Pendle Schools' Festival desperate for funding

Pendle children at last year's festival.
Pendle children at last year's festival.
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An appeal has been launched to raise funds for the Pendle School's Festival, an annual showcase of children from local schools, with organisers hoping to raise the necessary cash to put on "a veritable feast of talent".

Having lost its council funding in 2013, the festival - in which 26 local school took part last year - needs to raise £9,000 to hire the Muni in Colne and go ahead with the show in June in what Tristesse 'Tess' James has called an "ongoing fight to find funding."

Funding for this year's festival is still in question.

Funding for this year's festival is still in question.

Involving hundreds of pupils from across East Lancashire, the festival started in 1960 and sees children get together to present a week-long program of art, incorporating music, dance, painting, sculpture, drama, and more, relying on a committee of volunteers who work tirelessly to ensure its success.

"The committee feel strongly that the children of Pendle thrive through opportunities to showcase their artistic talents and are heavy-hearted at the potential threat of cancellation," said Tess. "The festival is a veritable feast of talent presented by children as young as five, many of whom get to experience their first ever footsteps into a theatrical space by participating in the event.

"One of the highlights of the festival is the annual ‘massed choir’ where children from multiple schools merge together to sing, allowing them to form friendships outside their usual peer groups and giving them a chance to learn new skills in working with a choir and conductor," Tess added.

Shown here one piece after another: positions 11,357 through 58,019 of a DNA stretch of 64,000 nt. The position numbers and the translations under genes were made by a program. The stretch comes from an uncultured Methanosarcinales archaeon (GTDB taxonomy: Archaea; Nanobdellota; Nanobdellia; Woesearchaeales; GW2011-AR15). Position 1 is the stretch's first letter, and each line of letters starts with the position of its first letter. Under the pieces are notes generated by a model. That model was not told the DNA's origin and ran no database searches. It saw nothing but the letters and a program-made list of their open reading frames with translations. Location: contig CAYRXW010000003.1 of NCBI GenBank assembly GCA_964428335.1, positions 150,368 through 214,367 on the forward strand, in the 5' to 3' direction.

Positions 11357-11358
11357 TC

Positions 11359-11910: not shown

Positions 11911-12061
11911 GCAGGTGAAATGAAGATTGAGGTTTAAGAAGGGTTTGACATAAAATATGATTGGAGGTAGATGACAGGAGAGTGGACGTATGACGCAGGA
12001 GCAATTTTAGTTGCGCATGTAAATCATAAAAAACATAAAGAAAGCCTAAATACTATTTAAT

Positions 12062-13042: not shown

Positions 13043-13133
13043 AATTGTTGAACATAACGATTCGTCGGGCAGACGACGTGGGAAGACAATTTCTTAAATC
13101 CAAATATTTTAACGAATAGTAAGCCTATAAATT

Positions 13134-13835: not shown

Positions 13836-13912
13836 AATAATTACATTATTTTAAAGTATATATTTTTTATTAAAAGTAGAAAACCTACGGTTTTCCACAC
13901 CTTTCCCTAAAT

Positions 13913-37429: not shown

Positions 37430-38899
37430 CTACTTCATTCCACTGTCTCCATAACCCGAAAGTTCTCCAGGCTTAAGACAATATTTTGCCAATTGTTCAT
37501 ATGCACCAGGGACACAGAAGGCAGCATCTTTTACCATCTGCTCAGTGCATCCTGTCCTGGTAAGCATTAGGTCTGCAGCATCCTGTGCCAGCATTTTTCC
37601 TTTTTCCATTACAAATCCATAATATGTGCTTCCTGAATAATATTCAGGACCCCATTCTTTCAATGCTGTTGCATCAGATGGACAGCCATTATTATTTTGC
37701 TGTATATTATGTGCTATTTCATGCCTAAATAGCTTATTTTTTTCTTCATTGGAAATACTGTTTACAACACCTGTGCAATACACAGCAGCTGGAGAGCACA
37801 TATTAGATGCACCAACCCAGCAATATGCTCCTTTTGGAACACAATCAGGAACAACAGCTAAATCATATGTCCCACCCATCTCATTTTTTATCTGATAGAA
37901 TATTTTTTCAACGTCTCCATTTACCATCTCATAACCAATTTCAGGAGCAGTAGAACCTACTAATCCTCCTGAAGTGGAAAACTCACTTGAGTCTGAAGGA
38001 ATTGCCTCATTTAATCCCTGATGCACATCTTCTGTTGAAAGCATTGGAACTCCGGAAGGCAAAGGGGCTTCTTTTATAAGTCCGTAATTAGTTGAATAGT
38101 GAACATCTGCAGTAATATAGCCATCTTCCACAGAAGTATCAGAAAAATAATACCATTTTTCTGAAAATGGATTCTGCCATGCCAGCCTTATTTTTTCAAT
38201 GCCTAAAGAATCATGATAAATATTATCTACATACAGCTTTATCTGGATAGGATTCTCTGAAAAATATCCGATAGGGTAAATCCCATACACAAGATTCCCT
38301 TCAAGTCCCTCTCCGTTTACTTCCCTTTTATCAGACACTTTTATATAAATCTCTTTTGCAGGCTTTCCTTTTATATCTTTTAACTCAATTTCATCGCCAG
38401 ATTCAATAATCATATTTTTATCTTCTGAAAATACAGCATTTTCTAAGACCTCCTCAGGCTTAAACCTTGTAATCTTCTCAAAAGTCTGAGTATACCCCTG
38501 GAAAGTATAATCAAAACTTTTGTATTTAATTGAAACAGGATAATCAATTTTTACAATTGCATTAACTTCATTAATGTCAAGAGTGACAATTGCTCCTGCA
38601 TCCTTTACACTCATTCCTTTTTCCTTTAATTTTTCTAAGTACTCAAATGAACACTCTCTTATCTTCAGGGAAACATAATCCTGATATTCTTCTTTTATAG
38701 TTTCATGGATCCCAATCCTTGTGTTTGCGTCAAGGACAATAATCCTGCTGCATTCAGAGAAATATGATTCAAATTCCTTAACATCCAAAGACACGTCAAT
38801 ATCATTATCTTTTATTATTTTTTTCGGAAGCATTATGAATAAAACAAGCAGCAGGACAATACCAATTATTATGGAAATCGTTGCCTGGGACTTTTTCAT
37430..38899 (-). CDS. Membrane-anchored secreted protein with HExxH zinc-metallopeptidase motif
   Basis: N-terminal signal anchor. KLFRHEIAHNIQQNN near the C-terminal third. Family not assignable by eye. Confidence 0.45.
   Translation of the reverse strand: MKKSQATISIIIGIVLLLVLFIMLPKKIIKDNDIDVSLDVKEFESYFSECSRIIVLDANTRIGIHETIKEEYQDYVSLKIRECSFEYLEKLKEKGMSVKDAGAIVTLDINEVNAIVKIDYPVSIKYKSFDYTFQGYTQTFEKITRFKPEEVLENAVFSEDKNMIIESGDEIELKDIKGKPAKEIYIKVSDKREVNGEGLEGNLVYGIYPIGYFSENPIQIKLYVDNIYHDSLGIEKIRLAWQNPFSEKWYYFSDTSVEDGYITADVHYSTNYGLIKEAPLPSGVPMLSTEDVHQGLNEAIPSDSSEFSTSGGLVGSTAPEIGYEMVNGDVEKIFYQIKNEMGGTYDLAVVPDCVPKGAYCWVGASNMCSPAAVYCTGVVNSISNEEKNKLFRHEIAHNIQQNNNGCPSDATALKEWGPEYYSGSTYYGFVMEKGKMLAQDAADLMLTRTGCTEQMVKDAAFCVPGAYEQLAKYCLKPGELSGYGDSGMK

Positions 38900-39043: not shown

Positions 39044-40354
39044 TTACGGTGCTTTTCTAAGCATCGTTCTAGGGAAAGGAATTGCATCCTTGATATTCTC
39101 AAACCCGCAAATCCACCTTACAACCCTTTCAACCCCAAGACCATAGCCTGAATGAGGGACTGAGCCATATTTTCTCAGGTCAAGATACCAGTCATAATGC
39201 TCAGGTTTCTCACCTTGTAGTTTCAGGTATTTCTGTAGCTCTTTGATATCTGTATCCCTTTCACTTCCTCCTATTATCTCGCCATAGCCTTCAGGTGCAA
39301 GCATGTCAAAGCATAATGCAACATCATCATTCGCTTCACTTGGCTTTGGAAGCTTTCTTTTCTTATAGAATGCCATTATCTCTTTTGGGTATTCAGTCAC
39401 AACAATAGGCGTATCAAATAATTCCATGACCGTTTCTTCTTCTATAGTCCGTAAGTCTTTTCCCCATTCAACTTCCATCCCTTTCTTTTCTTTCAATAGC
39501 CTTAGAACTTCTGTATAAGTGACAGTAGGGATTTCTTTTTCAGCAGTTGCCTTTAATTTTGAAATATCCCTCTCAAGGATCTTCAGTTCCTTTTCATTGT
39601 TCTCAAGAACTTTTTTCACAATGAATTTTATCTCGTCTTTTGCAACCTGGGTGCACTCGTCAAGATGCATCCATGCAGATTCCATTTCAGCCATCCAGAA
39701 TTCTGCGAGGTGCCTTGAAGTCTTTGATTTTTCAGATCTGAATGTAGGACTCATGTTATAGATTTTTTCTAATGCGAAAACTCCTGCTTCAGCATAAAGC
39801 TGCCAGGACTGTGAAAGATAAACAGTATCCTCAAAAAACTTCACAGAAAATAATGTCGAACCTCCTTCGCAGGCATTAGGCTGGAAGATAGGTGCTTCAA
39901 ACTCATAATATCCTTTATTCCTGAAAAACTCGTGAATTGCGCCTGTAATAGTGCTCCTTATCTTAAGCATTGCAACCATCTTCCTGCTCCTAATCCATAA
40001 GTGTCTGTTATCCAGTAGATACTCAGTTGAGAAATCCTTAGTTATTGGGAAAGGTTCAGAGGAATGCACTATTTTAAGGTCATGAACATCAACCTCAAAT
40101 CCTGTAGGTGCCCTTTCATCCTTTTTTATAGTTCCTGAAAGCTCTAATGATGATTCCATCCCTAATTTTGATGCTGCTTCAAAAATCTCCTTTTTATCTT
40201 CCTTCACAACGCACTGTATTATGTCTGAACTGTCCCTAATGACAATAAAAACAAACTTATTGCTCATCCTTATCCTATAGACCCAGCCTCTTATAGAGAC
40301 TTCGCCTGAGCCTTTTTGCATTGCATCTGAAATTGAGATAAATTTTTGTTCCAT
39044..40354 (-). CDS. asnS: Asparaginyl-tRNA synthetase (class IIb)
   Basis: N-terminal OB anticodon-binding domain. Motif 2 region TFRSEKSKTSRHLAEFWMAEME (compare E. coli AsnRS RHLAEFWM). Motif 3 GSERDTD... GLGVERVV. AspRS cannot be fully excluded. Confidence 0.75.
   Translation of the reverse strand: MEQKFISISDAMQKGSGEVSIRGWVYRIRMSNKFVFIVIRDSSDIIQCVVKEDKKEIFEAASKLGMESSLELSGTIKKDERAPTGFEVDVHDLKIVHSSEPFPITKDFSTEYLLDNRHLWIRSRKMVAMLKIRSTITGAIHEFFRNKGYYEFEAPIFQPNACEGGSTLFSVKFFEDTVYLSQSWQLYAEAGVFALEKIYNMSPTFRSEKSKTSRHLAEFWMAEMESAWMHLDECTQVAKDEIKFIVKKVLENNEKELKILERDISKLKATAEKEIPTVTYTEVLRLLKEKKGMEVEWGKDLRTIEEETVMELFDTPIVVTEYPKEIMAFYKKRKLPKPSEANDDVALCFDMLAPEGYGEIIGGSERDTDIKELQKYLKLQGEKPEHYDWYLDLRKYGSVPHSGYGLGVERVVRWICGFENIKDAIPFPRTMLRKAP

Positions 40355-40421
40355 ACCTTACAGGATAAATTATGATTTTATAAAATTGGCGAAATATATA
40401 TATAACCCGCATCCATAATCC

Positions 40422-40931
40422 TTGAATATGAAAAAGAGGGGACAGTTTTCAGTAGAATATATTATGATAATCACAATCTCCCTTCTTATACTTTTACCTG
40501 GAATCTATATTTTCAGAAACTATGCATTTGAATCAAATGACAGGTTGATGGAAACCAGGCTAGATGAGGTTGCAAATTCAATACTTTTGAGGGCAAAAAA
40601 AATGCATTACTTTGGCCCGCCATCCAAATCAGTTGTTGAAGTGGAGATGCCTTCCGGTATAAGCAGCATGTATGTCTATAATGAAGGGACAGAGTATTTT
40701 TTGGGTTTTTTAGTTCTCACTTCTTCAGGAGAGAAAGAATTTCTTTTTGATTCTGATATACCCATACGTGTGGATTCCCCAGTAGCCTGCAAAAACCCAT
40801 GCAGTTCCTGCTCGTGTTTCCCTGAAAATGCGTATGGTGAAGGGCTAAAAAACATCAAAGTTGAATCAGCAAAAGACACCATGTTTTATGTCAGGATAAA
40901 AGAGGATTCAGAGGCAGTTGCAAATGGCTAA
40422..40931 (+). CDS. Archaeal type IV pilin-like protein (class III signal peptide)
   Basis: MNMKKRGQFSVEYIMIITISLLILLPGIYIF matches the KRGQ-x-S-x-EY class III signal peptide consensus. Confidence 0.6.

With this year's event promising to be one of the brightest yet, school involvement and investment has been "unfaltering," yet despite this, funds are tight enough to cast a shadow of doubt over the event unless sponsorship is secured as a matter of urgency, prompting organisers to appeal to individuals, businesses, or local connections for help.

"Currently, the festival is under threat because of lack of volunteers to complete all the tasks necessary to run such a huge event and because options for raising the money are few," said Tess, explaining that funds were needed to cover essentials such as hiring the hall, transport for the children to rehearse, ticket printing, storage, programs, and refreshments for the children.

With fundraising totals needing to be hit as soon as possible, donations will continue to be accepted throughout the year in order to ensure next year's event can go ahead as well, with Tess adding: "Every child deserves an opportunity to shine, and arts are accessible to all ages and abilities.

"The children need your help."